In my physiotherapy clinic I am often asked by runners and other athletes about the use of foam rollers. Over recent times, foam rollers have gained popularity as ‘soft tissue release’ tools that can be used at home. The proposed benefit of using a roller is to benefit from a soft tissue massage in the comfort of your own home. Some people swear by them and will religiously roll daily and report fantastic yet painful benefits.
Interestingly physiotherapist and lecturer Professor Roger Kerry talked about the use of foam rollers to the Huffington Post and stated it succinctly, “if you already have painful, tense or achy body parts adding further pressure to those areas is obviously going to hurt more”. Professor Kerry stated that whilst there may be circulatory changes during foam rolling, research around any other benefits is thin; any reported benefits may even be more psychological in nature. Essentially the use of foam rollers should be guided by user comfort, there are no reasons why painful rolling should be endured.
Yet athletes seem to accept that their bodies will become tight and painful during training. You train hard, you hurt the next day. Cause and effect, ‘no pain – no gain’. Fair enough, right? Not necessarily. Have you ever actually stopped to question why those hamstrings have got so tight that no amount of stretching or rolling seems to allow them to release? Why is it that your low back starts to ache after running 4 miles? Or why do your calves are absolute agony when you foam roll them? …Must be the training… Or could it be your body subtly crying out for help? Perhaps your brain trying to tell you that you’ve pushed beyond normal limits? That perhaps that the wrong muscles are now being forced to try and make you faster?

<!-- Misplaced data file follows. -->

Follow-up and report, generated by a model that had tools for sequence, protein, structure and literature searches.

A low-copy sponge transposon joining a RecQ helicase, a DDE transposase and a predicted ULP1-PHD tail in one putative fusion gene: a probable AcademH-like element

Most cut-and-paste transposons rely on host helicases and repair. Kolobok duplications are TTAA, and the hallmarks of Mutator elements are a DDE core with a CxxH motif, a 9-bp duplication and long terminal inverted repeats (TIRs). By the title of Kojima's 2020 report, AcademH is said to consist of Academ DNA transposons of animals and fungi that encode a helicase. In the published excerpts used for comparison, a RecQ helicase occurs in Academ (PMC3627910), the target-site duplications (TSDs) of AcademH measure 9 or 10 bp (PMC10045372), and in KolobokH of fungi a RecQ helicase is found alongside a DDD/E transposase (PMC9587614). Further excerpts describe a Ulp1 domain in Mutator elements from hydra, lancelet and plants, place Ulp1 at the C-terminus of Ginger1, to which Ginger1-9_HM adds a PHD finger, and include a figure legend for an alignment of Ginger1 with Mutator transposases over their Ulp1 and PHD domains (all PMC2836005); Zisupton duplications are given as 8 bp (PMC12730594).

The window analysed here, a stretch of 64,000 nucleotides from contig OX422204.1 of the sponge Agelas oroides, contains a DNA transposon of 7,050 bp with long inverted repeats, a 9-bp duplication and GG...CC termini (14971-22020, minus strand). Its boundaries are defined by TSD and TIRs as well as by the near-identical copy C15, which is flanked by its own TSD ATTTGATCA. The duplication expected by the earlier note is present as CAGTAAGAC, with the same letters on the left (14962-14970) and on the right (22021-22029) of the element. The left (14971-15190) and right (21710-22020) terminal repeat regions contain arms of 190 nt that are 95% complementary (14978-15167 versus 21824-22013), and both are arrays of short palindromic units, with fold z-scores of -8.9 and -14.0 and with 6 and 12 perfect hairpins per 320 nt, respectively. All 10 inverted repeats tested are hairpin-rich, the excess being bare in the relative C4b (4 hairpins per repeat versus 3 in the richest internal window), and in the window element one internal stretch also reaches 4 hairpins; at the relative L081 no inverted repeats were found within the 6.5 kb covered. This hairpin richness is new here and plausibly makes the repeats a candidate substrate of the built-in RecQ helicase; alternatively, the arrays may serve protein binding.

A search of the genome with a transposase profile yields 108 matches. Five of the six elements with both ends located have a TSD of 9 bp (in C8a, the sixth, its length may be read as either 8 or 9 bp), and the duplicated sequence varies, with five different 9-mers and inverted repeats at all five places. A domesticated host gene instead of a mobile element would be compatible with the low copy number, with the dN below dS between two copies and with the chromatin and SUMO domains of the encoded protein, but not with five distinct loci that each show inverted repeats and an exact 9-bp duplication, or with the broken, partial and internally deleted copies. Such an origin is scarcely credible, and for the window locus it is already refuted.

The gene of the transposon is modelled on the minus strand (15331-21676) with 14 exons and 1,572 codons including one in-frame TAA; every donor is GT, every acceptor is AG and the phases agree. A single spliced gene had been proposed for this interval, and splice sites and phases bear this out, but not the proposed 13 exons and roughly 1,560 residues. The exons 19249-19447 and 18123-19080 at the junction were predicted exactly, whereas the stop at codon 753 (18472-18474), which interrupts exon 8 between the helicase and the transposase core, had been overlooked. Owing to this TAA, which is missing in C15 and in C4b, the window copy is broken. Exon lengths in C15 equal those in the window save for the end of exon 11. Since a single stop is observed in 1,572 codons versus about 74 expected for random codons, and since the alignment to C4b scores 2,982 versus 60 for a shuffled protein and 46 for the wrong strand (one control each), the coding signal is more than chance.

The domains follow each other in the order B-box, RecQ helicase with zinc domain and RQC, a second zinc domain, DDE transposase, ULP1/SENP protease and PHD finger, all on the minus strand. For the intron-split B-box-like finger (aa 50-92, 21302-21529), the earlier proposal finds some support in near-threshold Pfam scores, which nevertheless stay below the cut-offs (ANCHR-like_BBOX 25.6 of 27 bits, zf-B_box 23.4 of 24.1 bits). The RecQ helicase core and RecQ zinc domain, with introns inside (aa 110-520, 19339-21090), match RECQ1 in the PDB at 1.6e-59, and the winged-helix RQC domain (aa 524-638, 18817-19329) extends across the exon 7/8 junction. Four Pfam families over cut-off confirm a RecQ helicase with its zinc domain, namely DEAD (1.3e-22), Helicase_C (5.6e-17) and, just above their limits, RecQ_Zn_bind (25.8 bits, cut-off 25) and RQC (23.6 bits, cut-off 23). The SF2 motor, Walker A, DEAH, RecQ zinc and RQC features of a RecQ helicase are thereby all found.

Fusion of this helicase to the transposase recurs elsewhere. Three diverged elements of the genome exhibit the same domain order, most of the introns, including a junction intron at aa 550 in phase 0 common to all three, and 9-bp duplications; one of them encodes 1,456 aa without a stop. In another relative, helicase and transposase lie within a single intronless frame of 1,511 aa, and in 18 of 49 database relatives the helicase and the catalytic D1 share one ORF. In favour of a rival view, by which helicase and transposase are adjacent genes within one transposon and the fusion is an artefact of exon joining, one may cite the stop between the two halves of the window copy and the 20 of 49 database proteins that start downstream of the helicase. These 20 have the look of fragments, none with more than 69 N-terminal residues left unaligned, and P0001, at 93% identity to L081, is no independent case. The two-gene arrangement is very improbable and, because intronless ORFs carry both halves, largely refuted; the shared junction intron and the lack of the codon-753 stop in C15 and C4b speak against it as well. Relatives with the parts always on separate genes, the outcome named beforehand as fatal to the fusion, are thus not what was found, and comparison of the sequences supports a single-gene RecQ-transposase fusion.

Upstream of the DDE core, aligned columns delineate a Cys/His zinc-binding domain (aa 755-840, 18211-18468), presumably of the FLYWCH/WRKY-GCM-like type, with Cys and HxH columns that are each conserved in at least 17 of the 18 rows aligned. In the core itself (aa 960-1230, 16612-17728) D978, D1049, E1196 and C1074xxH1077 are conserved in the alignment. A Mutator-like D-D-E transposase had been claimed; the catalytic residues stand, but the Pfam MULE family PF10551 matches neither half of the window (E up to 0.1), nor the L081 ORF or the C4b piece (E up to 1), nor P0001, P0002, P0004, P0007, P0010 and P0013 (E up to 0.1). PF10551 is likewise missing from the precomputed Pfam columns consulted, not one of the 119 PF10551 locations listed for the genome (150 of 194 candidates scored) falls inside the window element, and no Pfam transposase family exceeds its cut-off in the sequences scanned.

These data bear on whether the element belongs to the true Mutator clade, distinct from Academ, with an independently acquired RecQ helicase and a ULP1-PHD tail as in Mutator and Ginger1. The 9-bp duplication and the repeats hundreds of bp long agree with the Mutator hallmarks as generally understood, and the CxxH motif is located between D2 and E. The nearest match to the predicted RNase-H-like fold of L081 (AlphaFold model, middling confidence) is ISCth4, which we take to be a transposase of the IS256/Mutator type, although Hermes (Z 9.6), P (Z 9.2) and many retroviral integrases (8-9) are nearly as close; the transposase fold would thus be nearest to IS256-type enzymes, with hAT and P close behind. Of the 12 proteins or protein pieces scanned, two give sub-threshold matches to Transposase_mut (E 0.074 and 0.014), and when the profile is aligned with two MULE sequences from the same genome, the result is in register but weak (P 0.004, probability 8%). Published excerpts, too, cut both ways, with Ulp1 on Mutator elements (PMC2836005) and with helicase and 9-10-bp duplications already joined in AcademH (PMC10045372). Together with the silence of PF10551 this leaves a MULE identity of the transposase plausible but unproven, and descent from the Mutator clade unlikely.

There’s a fine line between physiological training overload pain (and gain) and detrimental training overload pain due to poor bio-mechanics, muscle imbalance or proprioceptive deficits that may lead to an injury.
In my clinic I use a precise clinical reasoning process that allows me to find and treat the underlying cause that will resolve the presenting symptoms. Providing a long term solution and not a short term fix compliments performance with minimal disruption to training or activity.
For an appointment contact Nick on 07932 574 945 or email firstname.lastname@example.org